Child M mother pleads guilty to manslaughter
Edmonton woman admits to injuring and starving twin daughters
The mother of Child M, the Edmonton girl who was abused and starved to death two years ago, pleaded guilty to manslaughter on Wednesday.
In an agreed statement entered in the Edmonton Court of Queen's Bench, the woman, who cannot be named, admitted to causing the brain injuries and malnourishment that led to the death of M.
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The mother also pleaded guilty to aggravated assault in the case of S, M's twin sister, and failure to provide the necessaries of life for both girls.
She also admitted to causing the brain injury that killed M, to subjecting both girls to "significant head trauma" and then lying to police and medical staff about the reasons why. She also admitted to causing the extensive bruising on the girls' bodies.
"The accused admits that her actions ... caused the twins to be grossly malnourished, to suffer ongoing physical abuse, endangered (S's) life, and caused (M's) death."
Last month, the woman's husband was sentenced to 15 years in prison after pleading guilty to manslaughter, aggravated assault and failing to provide the necessaries of life.
Girls weighed the same as 6-month-old infants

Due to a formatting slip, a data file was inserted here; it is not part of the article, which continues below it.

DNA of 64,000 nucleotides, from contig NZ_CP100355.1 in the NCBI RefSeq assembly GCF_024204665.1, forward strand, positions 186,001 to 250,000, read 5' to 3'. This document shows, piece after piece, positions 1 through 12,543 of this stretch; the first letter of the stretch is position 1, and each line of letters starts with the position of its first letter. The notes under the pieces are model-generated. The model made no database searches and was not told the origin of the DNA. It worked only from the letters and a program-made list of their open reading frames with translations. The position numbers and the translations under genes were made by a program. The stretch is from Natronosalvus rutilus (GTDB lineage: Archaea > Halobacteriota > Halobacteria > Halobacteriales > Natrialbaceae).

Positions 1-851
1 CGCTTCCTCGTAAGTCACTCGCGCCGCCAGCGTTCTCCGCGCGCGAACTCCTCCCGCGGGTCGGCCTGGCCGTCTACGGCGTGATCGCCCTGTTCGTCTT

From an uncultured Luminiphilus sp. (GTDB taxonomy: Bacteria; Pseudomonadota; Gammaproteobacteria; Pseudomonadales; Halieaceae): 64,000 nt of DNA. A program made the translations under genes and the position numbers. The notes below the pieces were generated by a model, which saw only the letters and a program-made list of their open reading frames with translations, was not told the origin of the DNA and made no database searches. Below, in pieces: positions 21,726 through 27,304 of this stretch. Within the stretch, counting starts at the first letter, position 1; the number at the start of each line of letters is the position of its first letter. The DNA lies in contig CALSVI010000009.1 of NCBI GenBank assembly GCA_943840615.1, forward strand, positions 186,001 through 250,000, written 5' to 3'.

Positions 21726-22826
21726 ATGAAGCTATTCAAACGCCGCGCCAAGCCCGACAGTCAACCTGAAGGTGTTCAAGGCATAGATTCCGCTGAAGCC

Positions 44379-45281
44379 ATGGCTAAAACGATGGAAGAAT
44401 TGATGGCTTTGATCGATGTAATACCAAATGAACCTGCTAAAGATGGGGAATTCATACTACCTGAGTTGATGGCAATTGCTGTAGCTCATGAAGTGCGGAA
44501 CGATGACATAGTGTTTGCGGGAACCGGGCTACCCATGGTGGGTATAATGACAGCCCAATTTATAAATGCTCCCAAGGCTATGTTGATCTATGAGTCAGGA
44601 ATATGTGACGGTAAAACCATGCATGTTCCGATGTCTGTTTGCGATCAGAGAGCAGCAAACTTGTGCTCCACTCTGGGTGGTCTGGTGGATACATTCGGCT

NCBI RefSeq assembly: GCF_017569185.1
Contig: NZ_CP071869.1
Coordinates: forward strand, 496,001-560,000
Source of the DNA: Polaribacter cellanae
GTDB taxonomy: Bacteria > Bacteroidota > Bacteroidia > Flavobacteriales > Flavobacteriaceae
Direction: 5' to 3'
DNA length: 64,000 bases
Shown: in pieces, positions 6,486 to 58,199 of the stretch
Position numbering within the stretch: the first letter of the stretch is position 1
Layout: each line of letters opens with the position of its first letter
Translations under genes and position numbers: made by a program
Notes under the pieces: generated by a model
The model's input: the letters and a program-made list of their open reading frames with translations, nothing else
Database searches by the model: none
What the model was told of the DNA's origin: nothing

The girls were first discovered on May 25, 2012, when their father called paramedics to their Edmonton home because M had stopped breathing.
According the agreed statement of facts, the first responders were "shocked" at the child's appearance, which one paramedic described as "severely emaciated."
"(They) observed her to have very skinny legs and arms, visible ribs, scabs on her skin and both legs, marks on her groin area and bruising to her head."
The little girl had no pulse and wasn't breathing. She was also unconscious. Her sister was "very skinny and unhealthy with a bump on her forehead. (She) had extensive bruising to her face and forehead, appeared sickly, and without any hair."
As paramedics attended to the girls, their older brother came downstairs.
He "began playing, talking in another language, and jumping on the sofa," the court document said. "He appeared to be in good health and did not have any injuries."
The girls each weighed the same as an average six-month old, the court document said. They were nearly 28 months old at the time.
S survived. M remained in hospital until September 2012 when she was taken off life-support in a case that made it to the Supreme Court of Canada.
The father, mother and children cannot be named under Alberta's Child, Youth and Family Enhancement Act.
The mother's next court appearance is scheduled for July 22